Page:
USA: Environmental Inequity in Alabama

2.5 billion people do not have access to adequate sanitation, an incredibly overwhelming statistic. It also seems far away, endemic to developing countries like India. It hardly seems conceivable that in the United States of America—the richest country in the world—people could lack access to adequate sanitation services. However, in Lowndes County, Alabama, the Alabama Department of Public Health estimates that the percentage of households with either inadequate or no septic systems ranges between 40 and 90 percent. In addition, 50 percent of the existing septic systems do not work properly.

Last week, Catherine Coleman Flowers presented a talk titled, “America’s Dirty Secret: Living Amongst Raw Sewage,” here at Duke as part of the Nicholas Institute’s seminar series. Flowers is the founder and executive director of the Alabama Center for Rural Enterprise (ACRE). ACRE is a non-profit organization that works to promote sustainable initiatives to strengthen the infrastructure of families in rural and impoverished communities, emphasizing participatory involvement. She is also the Rural Development Manager for the Equal Justice Initiative, an organization that provides legal representation to indigent defendants and prisoners denied fair treatment in the legal system.

Flowers is a native of Lowndes County, located west of the capital Montgomery. The entire county’s population is less than 13,000 people and 70 percent of the county is African-American. Approximately one-third of the population lives below the poverty line and the per capita income in the county is $16,524 (2007)—about the same as Mexico.

Flowers’ presentation revealed the county’s shocking unsanitary conditions. Flowers showed a photo of a child’s ball floating in raw sewage, and photos of raw sewage trickling between homes. She described a putrid smell that many residents have become immune to.

Photo from ACRE website
Photo from ACRE website
Photo from ACRE website
Photo from ACRE website

“It is like crying in the darkness to make people aware that this exists,” said Flowers.

The soil in Lowndes County is rich in clay and does not quickly absorb water, said Flowers, and as a result, the conditions require sophisticated and advanced septic treatment systems. Valued between six and thirty thousand dollars per system, the price of a functioning system exceeds the annual income of many county residents. According to Flowers, residents have been arrested for not having proper systems. In one example, a 27-year-old single mother was arrested after failing to replace her septic system at a cost of $20,000—an impossible expense with her annual income of $12,000. In an already slow economy, an arrest record makes it even more difficult for a person to compete for limited job openings.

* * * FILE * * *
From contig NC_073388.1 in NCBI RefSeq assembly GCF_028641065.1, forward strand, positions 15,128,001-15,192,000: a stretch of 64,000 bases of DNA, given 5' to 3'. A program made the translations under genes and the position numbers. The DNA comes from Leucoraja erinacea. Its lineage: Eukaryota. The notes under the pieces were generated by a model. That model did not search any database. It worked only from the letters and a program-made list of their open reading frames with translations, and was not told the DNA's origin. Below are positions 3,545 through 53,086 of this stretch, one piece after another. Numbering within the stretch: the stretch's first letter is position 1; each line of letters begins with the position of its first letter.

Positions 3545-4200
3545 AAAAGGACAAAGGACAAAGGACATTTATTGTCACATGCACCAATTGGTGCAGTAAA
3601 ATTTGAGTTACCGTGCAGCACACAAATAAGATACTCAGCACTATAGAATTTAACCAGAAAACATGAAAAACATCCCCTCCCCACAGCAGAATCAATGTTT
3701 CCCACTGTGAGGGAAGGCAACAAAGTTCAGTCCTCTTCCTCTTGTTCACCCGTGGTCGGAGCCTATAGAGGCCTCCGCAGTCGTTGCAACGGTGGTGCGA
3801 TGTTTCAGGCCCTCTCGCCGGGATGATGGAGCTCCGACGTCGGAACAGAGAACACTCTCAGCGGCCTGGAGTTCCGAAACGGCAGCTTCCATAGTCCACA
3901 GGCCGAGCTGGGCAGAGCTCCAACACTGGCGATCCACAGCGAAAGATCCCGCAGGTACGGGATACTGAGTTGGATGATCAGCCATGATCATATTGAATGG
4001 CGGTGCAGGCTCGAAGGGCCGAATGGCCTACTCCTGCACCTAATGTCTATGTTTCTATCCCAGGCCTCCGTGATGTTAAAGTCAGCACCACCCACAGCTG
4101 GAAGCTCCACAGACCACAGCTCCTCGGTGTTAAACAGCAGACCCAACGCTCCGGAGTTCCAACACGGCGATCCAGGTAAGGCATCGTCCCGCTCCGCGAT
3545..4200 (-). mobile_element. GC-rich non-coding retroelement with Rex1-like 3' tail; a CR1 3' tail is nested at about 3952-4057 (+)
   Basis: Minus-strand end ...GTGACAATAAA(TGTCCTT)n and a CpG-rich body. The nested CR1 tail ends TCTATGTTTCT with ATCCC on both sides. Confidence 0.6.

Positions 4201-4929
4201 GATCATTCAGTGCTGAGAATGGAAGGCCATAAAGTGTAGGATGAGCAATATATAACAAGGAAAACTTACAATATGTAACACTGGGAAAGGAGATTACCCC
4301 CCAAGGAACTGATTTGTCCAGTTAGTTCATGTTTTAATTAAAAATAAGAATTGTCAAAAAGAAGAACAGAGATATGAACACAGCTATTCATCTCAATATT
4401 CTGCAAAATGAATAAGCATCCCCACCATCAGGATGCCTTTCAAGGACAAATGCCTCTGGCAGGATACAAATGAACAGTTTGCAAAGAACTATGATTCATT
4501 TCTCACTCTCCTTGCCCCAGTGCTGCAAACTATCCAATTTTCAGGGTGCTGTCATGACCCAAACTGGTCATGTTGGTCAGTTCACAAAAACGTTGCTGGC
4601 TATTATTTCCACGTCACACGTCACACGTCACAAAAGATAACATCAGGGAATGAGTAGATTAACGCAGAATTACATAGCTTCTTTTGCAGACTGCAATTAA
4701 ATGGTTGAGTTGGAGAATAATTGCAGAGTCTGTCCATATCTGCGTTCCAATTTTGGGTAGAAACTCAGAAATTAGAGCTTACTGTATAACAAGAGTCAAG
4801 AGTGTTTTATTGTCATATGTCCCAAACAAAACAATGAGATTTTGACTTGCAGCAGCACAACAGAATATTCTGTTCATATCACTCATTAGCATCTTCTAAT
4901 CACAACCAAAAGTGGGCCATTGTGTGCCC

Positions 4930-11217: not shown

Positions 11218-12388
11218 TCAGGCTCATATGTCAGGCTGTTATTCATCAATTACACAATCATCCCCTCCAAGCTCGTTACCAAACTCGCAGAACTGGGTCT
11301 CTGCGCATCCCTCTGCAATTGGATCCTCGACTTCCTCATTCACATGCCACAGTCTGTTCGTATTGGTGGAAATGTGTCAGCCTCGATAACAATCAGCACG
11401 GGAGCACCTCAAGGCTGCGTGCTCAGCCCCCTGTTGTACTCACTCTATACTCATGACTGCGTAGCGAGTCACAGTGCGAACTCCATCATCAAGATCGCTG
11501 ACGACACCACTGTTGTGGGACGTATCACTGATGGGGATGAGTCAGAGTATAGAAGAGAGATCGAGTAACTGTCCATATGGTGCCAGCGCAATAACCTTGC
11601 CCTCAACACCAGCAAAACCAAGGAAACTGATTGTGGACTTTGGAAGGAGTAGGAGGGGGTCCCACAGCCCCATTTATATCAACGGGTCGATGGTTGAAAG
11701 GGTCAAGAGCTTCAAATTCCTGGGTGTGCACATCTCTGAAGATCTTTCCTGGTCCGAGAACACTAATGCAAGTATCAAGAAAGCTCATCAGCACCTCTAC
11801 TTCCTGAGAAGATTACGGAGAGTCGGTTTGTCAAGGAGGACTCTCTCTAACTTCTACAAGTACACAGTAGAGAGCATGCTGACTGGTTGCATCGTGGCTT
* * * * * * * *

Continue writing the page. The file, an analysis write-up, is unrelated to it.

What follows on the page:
Many in the county have poor health, Flowers explained, and cannot afford to receive medical care. Clinics in the area are ill equipped and doctors do not often recognize the infections, rashes or diseases that residents have, because they are rare in the United States. For example, a recent study by the National School of Tropical Medicine at Baylor found incidences of hookworm in the county—a parasite thought to be eradicated in the United State in the mid-1900’s. However, healthcare services were not always available to African-Americans in the county, so perhaps hookworm was never fully eradicated in the first place.

Conditions are so deplorable in the county, that it became the subject of a United Nations Human Rights Council (UNHCR) inquiry. In 2011, UNHCR Special Rapporteur on the human right to safe drinking water and sanitation  traveled to Alabama, Alaska, Michigan, Puerto Rico and West Virginia to compile a report on the “enjoyments of the rights to water and sanitation” in the United States. Last year, Flowers’ testimony was included in the international negotiations that helped determine final text for the Summary for Policy Makers, accompanying the Intergovernmental Panel on Climate Change (IPCC) 5th Assessment Report.

National and state government funds to improve sanitation in Alabama are not dispersed equally—evidence of institutional racism. For example, Flowers mentioned that a wealthy predominantly white community received an Alabama Department of Environmental Management (ADEM) loan of over two million dollars to update and improve its sanitation system and later had its loan forgiven. However, a predominantly African-African American community in Lowndes Country received less than half of what the other community received, and has to pay back the loan in its entirety.

As the United States encourages developing countries to achieve the Millennium Development Goals, particularly the target to halve the proportion of the population without access to proper sanitation, it is important that we recognize and address rampant inequality within our own borders.

To donate to ACRE, click here.


Photo from ACRE website
Photo from ACRE website

One thought on “USA: Environmental Inequity in Alabama

Comments are closed.